Tuesday, November 18, 2008

A preview of what's to come!

Here is a hand made box which is featured on the WSOAPP blog in the recipe section. I had pictured it stuffed with homemade Christmas sugar cookies, ( all of which are now gone, I assure you;O) ), but it will be offered in my WSOAPP store as a Christmas tag and stationary box. So many of my steady customers have been after me to sell a large quantity of tags as a bundle deal. So here's to you guys who have been writing me since October....I am bundling 20 of my best sellers in with this box. It will be offered at $50.00 plus travel fare to your home. The tags themselves are valued at $30.00. The box is a generous 9x9 inches and has been made by myself.

If you are interested in this item, hop into my WSOAPP shop to be the first to buy it when it is listed. Pictured here are just a few of the tags that will be offered. There will be two of each that are currently sold over in the shop and a few that will be surprises!

Sorry, this item has sold out!

contact me if you are interested in something similar; I will accept custom order requests up until December 21st.

Saturday, November 8, 2008

The 2nd in my Old WorldFather Christmases series has finally taken shape and is ready to go out for sale. This year has been a hard year for me to work on my projects as my elderly father needs extra help and as my little one who is in second grade now is getting more active in clubs and in church. I have only created four St. Nicks this year. I have had some orders to consider for custom made, or made to customer request santas, and I will most likely get to those here soon.

I have been asked to join in with a handful of other traditional folk artists and send my work to the Early American Life Magazine for jurying to get on their traditional artisan list; and I'm excited to say, I am going to do it! So the challenge has been put out there to create my most interpretive piece of history and Americana yet, and get it to them by next spring. Hopefully, my work will be seen in next year's 2009 EAL, Christmas magazine on their tradtional artisans list.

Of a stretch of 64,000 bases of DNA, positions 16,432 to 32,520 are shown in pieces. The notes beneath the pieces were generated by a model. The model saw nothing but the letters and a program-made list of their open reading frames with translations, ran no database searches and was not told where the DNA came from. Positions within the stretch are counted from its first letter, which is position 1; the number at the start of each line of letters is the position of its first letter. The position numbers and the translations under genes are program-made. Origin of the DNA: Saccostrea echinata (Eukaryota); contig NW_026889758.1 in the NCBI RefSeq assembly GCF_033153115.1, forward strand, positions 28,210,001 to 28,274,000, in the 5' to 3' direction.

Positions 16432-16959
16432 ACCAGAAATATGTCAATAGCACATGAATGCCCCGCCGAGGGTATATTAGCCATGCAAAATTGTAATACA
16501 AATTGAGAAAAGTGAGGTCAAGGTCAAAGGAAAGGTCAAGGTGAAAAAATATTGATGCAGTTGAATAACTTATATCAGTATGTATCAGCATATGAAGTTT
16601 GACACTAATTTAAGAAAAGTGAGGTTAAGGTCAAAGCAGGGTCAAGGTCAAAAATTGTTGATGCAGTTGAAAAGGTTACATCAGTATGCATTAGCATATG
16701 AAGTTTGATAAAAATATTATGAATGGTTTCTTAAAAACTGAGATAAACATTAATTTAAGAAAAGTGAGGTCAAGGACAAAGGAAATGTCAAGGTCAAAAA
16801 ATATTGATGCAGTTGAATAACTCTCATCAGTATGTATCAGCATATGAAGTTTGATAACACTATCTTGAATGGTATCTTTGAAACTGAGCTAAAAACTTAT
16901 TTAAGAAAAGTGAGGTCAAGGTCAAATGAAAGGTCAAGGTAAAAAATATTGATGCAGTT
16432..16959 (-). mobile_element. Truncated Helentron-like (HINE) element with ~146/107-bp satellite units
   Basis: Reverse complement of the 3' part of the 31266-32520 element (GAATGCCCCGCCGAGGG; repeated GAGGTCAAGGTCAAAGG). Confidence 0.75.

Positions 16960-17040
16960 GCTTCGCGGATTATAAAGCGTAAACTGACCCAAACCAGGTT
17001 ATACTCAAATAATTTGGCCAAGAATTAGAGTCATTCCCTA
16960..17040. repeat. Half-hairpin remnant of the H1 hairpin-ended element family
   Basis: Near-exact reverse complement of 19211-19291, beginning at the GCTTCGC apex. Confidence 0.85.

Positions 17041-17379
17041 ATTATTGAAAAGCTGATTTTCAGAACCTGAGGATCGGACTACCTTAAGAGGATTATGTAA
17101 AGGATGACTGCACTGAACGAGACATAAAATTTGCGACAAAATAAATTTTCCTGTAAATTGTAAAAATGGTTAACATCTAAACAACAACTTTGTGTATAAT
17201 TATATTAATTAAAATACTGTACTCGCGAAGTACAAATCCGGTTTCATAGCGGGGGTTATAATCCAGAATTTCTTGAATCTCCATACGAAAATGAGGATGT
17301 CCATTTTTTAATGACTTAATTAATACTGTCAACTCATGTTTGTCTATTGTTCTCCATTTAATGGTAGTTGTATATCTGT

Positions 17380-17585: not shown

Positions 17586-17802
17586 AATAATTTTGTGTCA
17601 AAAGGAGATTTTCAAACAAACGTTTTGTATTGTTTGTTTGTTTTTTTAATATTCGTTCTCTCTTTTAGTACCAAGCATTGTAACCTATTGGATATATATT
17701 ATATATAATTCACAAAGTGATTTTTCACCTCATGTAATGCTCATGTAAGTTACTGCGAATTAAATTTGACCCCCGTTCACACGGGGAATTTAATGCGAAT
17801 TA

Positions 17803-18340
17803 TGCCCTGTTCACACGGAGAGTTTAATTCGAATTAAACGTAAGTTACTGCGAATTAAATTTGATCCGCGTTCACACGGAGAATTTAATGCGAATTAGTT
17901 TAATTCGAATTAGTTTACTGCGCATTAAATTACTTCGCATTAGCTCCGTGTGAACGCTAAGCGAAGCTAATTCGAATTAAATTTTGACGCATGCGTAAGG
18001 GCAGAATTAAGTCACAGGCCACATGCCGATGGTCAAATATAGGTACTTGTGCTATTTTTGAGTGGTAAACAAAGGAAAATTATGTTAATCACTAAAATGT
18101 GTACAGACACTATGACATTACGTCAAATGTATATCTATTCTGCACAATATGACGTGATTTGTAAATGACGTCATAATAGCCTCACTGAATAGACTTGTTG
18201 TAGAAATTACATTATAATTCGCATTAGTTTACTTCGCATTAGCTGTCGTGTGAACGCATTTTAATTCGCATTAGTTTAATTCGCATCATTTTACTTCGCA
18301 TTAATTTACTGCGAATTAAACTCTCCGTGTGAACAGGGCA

Right now, the other two Father Christmases I made are in shops and both have already been sold. Some of my customers have written me and asked if I was using real fur on the coat trimmings as well as Cottswold sheep's wool for their beards; the answer is YES! I am using what I called "recycled fur" I have spent a great deal of time snooping through antique shops and resale shops searching for old fur coats and leather coats and belts. I painstakingly remove the stuff I don't need and process the fur or leather by trimming it into the right sized pieces that I need.
I feel that this way, an animal's pelt has been reused and not just thrown away. The figure picture here is wearing mink and his gloves were created from a very vintage sweater.

To view where this old world Father Christmas is currently being offered, check out my wsoapp shop by following the links over in the side column. He will only be offered there for a short time before he is placed in a shop.

Monday, November 3, 2008

My Olde World Santas

I've been working my tail off to
finish my old world Santa clauses. I think my favorite part of creating each piece is the "wigging" part when I create his beard and hair. I don't know, call it a throw back to when I was a small child and would spend hours combing out my Barbie's hair, elegantly coiffing and styling it; either way, I love it. I probably should have become a beautician.

When I create my Old World St. Nicholas figures, I start by hand sculpting their heads and faces out of paperclay. It is close in makeup to paper mache, and I find that it is much better for holding details in the facial expressions, such as fine wrinkles around the eyes and forehead. after the drying process, I then paint the head in a portrait with real milk paints to make it resemble it's antique counterparts. I then use pure Cottswold sheep's wool, approximately one year's worth of grown on the animal's coat. I comb out the cleaned, washed and processed fibers and then attach them to the Santa's head with doll wig glue.

I think my greatest inspirations are those old antique, German candy containers. To me, they almost represent the spirit of Christmas past.